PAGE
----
The Weekly Wellbeing Round-Up #16: connecting for wellbeing.

Over the last few months on this blog I have talked a lot about eating, moving, sleeping and relaxing.   As I have learnt from others and developed my own model of looking at and improving wellbeing, I have realised that for me one of the most important areas that determines our wellbeing is that of connection.  Humans are, for the most part, social animals.   At the end of the day, regardless of what we’ve eaten or drunk, how physically active we’ve been, how much sleep we’ve had and whether we’ve done five minutes of mindfulness or not, as humans I believe that we all need connection with others on one level or another for us to truly have a sense of wellbeing.   It doesn’t matter whether you are an introvert or an extrovert, whether you like to do your socialising in the pub or via letter or skype, connection is important for our mental wellbeing.

The effect of loneliness on our wellbeing


Much has been made of the five ways to mental wellbeing.  One of the five ways is connecting to others.  If we look at the converse, as a society we are being made increasingly aware of the impact of loneliness upon us individually and collectively.  We now have a minister for Loneliness.  This isn’t because they were the MP picked last for the cabinet football team, but because it’s a significant issue in today’s society.   The Campaign to End Loneliness quotes some alarming statistics.   Loneliness and social isolation are harmful to our health, estimated as being as bad as smoking 15 cigarettes a day.  People who are lonely and isolated are more likely to visit their GP, use medication, fall, attend A&E (regardless of long-term conditions) and end up in a nursing home.  Just this week, an article was published in BMJ’s Heart journal which concluded that social isolation seems to remain as an independent risk factor for dying after a heart attack or stroke.   Loneliness and social isolation have also been associated with an increased risk of hypertension, heart disease, dementia and depression with the overall increased risk of premature death being as high as 25%.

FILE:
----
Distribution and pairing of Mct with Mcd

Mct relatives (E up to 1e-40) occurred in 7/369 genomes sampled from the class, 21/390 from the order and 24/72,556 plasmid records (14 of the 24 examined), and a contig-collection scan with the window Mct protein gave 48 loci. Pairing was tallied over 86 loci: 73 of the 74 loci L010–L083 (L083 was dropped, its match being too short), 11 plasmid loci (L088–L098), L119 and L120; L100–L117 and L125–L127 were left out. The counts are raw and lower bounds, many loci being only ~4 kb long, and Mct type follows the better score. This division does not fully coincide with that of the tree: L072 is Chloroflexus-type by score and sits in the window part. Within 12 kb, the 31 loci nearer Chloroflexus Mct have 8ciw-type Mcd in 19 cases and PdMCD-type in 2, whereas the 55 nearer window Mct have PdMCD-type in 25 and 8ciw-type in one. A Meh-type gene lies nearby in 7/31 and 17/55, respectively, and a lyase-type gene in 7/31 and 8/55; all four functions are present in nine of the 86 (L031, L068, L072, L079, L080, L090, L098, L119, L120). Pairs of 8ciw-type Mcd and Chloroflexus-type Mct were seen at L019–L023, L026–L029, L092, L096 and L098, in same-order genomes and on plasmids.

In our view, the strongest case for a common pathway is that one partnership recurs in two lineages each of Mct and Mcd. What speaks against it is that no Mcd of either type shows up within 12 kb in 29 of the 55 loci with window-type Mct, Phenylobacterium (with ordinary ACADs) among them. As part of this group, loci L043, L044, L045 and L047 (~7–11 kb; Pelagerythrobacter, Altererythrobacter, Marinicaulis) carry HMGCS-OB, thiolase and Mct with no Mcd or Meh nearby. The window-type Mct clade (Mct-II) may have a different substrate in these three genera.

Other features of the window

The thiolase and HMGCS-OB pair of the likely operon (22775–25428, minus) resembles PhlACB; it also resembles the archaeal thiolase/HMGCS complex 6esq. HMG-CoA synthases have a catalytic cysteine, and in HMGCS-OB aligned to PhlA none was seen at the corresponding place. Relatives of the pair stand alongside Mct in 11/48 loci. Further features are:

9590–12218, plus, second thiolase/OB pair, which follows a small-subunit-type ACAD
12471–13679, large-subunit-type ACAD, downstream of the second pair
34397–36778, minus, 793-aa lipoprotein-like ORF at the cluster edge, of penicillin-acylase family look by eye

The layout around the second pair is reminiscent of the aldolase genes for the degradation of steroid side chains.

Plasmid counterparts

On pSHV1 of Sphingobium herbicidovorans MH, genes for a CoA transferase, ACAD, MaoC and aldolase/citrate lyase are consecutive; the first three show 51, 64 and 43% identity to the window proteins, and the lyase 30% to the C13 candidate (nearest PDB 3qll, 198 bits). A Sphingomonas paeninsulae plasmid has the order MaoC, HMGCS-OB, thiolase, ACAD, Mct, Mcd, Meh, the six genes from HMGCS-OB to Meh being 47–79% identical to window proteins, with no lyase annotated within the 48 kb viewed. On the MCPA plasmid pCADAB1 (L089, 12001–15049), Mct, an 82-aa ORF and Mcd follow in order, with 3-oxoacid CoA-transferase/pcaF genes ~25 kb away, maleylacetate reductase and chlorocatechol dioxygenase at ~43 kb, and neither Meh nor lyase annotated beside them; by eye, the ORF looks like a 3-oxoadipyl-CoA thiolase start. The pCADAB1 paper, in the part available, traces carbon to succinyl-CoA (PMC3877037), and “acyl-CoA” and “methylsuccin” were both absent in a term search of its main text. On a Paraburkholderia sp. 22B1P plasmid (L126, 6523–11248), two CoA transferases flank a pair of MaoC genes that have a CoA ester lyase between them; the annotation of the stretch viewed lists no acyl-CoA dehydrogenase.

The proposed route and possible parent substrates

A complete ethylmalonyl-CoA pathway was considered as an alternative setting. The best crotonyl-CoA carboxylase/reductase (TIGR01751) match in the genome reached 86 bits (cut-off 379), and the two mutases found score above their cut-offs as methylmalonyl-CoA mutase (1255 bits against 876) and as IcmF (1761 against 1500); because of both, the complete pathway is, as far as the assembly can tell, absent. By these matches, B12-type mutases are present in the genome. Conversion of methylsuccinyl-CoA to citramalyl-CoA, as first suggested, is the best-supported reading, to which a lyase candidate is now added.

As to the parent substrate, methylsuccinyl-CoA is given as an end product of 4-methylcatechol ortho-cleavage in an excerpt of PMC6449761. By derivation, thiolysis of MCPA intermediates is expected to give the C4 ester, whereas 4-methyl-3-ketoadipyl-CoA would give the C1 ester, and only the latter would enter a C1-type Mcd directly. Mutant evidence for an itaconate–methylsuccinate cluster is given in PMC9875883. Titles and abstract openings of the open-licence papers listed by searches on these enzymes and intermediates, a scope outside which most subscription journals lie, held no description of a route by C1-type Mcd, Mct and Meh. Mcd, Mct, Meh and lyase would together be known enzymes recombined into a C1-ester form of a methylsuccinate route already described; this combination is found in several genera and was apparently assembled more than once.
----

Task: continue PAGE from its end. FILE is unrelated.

Are we more lonely than before?